Conner can back up Polster at right back while also adding depth in central midfield. His versatility may be why he had his option picked up.

Centerbacks

Guaranteed for 2018: Johan Kappelhof, Christian Dean

Option exercised: Jonathan Campbell

Option declined: Matej Dekovic

Out of contract: Joao Meira

Meira’s departure was the first bit of news for the offseason and Campbell returning was a near-lock. Dean will be coming off a major injury so depth at this position will be a major need, but homegrown prospect Grant Lillard, an Indiana senior and one of 15 Hermann Trophy semifinalists (college soccer’s version of the Heisman), could fill that need.

Central midfielders

Guaranteed for 2018: Djordje Mihailovic

Options exercised: Dax McCarty, Brandt Bronico, Drew Conner

Options declined: Collin Fernandez, Juninho (loan)

Out of contract: Bastian Schweinsteiger

Negotiations with Schweinsteiger are still taking place so this doesn’t mean anything yet. If anything, not picking up Juninho’s loan may be a good sign that the Fire believe they can retain the German.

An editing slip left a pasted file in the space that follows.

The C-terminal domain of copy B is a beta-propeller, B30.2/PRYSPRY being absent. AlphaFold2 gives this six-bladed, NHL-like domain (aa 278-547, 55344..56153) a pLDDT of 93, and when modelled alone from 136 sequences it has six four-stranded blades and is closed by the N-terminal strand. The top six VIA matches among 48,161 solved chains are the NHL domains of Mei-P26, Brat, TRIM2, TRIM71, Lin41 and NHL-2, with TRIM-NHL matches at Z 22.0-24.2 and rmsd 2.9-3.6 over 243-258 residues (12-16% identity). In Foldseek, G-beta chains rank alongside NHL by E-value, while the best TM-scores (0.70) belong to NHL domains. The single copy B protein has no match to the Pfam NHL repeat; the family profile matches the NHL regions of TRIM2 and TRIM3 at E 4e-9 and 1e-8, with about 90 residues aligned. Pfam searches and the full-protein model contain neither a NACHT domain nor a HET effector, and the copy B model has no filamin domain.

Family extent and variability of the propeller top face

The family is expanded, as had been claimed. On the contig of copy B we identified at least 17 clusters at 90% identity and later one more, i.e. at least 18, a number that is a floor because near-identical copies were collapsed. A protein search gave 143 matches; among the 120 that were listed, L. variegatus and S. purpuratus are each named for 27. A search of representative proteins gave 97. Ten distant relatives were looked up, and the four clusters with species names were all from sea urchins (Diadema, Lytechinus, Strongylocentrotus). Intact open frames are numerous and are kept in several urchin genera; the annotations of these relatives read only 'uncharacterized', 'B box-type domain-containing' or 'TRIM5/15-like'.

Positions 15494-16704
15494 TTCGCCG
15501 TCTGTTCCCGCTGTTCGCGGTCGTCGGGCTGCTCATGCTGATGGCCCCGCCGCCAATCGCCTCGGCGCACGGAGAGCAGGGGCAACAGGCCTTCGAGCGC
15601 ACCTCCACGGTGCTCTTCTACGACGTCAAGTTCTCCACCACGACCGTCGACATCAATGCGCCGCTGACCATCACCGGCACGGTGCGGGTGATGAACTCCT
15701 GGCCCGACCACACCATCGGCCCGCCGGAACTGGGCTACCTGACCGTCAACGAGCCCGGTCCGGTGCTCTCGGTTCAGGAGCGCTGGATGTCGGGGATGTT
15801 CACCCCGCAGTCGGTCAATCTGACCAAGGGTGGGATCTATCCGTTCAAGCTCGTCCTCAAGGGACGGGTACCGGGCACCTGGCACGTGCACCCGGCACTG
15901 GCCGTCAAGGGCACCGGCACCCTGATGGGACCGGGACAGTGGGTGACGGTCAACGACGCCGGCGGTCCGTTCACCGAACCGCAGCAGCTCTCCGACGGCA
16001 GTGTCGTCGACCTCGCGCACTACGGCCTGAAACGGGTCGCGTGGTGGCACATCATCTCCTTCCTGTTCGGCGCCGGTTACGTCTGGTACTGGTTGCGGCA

Juninho had a big cap hit and did not play up to that level in 2017. He was a useful fill-in when Schweinsteiger was hurt or when McCarty was on national team duty. If Schweinsteiger does not return, this position should become the top priority of the offseason.

Bronico only played four matches totaling 53 minutes so it’s a bit surprising the third-round pick was retained.

Fernandez was the longest tenured player on the Fire, having signed as a homegrown in Aug. 2014. He will be cut loose at just 20 years old after having a solid season while on loan with Tulsa in the USL.

Depth at this position will also be of need with Mihailovic, as well as Michael de Leeuw, being out for the first part of 2018 as they both recover from ACL surgery. North Carolina sophomore Cam Lindley, another Hermann semifinalist and one of just two underclassmen in that group, could help fill that need as a homegrown if the Fire can lock him up.

Wingers

Guaranteed for 2018: David Accam, Luis Solignac

Options exercised: Arturo Alvarez, Daniel Johnson